Shopper ends up trapped in changing rooms

Early Bird Shoppers Catch Up With Christmas Shopping

%VIRTUAL-SkimlinksPromo%It may be a dream come true for most fashionistas but one woman was left red-faced after she found herself locked in a Miss Selfridge store in Manchester having spent too long in the changing rooms.

The unnamed shopper dialed 999 after finding the store closed and all the staff gone.
According to the Manchester Evening News, she rang the police shortly before 8pm on Wednesday evening to say that she was trapped inside the Manchester store and needed help.

Luckily, a member of staff came to her rescue so the police were not required to come on the scene.

Greater Manchester Police obviously saw the funny side of the situation tweeting that the 999 call was "odd".

However, this is not the first incidence of customers getting locked into stores after hours.

In March last year, Police responded to an alarm call only to find a couple and their baby locked inside a Sears Outlet store in Bloomfield, Michigan after closing time.

And if you think that was bad, one unlucky late night shopper found herself locked inside a pet store after hours. The woman was accidentally locked into Cleveland Park Petco last October and emergency services had to be called as the manager of the store could not be reached.

When Houston Police were tipped off to an alarm at a convenience store they were expecting to carry out a routine burglary call but when they arrived at the scene they found an intoxicated man stumbling around inside. The man apparently entered the store earlier in the day but passed out in the bathroom and woke up to find the store was closed.

This young woman decided to video her experience after being locked inside a CVS store.The woman received a $100 gift card from CVS (which she was less than happy with).

Note to self: check closing times before entering stores.

Five of the most fascinating companies
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Shopper ends up trapped in changing rooms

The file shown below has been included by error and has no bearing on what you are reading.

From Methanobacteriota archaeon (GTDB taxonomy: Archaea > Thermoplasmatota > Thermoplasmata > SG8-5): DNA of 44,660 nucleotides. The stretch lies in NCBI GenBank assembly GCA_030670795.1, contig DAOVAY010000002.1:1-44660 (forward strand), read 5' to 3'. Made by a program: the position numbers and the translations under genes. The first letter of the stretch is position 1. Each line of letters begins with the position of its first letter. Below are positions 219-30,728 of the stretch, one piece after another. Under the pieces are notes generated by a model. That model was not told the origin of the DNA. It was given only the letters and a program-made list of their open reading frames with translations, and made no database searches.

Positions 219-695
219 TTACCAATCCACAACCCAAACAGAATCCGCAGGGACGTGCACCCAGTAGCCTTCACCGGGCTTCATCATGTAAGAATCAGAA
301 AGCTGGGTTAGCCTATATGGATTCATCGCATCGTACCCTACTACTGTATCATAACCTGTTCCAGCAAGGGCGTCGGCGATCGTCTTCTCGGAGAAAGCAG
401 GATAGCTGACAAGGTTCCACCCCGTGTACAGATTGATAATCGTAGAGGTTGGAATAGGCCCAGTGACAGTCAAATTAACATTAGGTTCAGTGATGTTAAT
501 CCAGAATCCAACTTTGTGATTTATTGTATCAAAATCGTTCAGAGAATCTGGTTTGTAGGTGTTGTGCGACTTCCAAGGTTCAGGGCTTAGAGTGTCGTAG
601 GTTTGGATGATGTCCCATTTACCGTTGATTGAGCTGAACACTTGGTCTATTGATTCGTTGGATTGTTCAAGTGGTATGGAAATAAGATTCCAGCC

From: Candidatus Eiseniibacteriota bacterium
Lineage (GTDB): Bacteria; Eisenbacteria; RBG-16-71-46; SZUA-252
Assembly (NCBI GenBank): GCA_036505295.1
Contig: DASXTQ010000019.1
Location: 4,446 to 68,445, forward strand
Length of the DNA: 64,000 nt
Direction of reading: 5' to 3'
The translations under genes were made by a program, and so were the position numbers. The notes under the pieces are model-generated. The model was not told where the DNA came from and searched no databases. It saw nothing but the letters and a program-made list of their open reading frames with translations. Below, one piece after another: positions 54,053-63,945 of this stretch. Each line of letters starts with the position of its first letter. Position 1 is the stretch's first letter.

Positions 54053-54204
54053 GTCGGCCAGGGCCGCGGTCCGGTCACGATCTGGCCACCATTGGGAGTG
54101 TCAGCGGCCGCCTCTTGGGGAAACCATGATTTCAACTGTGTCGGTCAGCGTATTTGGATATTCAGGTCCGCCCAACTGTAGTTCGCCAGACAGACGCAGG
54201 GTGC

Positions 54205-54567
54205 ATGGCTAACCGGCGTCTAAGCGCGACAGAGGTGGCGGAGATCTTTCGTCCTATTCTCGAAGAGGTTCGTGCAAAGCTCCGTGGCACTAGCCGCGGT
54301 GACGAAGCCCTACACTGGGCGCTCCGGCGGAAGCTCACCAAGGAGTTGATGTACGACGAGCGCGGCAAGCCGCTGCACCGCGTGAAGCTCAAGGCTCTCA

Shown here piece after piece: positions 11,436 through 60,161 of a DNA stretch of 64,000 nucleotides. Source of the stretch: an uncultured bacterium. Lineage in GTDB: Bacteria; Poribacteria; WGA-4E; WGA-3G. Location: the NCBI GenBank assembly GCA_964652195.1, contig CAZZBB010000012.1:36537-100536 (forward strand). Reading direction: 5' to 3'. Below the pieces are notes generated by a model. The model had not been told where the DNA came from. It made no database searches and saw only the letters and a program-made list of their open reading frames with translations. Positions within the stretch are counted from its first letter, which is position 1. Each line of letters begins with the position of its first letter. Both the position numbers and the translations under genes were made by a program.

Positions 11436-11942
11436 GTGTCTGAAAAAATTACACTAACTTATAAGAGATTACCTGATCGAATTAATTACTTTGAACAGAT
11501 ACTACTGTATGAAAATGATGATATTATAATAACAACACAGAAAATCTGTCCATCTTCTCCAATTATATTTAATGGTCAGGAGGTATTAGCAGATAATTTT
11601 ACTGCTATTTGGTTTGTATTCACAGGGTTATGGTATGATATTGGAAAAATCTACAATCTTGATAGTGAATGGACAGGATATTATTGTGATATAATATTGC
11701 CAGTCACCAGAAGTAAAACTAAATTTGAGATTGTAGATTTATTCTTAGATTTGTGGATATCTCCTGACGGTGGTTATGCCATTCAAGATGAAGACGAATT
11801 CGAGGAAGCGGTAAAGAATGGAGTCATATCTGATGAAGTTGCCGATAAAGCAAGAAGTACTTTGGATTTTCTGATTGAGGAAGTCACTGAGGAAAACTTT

Not many companies have films made about them. But the story of social networking site Facebook attracted enough attention to interest Hollywood, resulting in the 2010 film The Social Network. The interest was not just due to the immense popularity of the Facebook website, which was created in its earliest form by Harvard University student Mark Zuckerburg in 2004, though. It was also a result of the legal wrangling between Zuckerburg and fellow Harvard students Divya Narendra and Cameron and Tyler Winklevoss, who founded the social networking site ConnectU and accused Zuckerberg - who worked for them before creating Facebook - of copying their ideas and coding. In something of a damp squib ending, however, the case was dismissed due to a technicality in March 2007 without a ruling being made.

Most of the companies on this list are household names. However, comparatively few people have heard of Olam International, despite it being one of the world's largest agricultural commodity companies.

In fact, it produces enough cotton to keep everyone in the world in socks (three pairs per person, per year).

Fans of chocolate bars such as Mars are also sure to have consumed chocolate made from beans handled by Olam - they just don't realise it.

Headquartered in Singapore, Olam was founded in 1989. It now purchases ingredients such as coffee and cocoa from around 3.5 million smallholder famers based in emerging markets around the world. This enables it to work with communities in rural Africa and Asia on everything from productivity to environmental impact, resulting in a potentially huge impact on some of the world's poorest people.

Love them or hate them, Starbucks coffee shops are everywhere nowadays. Hardly surprising when you consider that the company has opened an average of two stores a day since 1987 (despite having to close some locations down too).
However, back in 1971 there was just one Starbucks coffee shop, in Seattle, Washington.
Named after Starbuck, the first mate on the whaling ship in the novel Moby Dick, the shop originally sold roasted coffee, but did not brew coffee to sell.
Now, though, you can get everything from a blueberry muffin to a mocha frappuccino from your local Starbucks store.

According to the company the white ribbon was introduced under the name in 1969. When competitors first entered the market, Coke made much of its curved bottle design which distinguished it from those that followed. As fewer and fewer people drank from bottles, the ribbon was produced as an alternative distinctive curve.

According to mokokoma, the apple is the fruit of the tree of knowledge. There is some question as to whether the bite taken out of it is a play on the word byte, symbolism of the fruit being eaten and the knowledge imparted, or just to make it look more like an apple and less like a cherry tomato.

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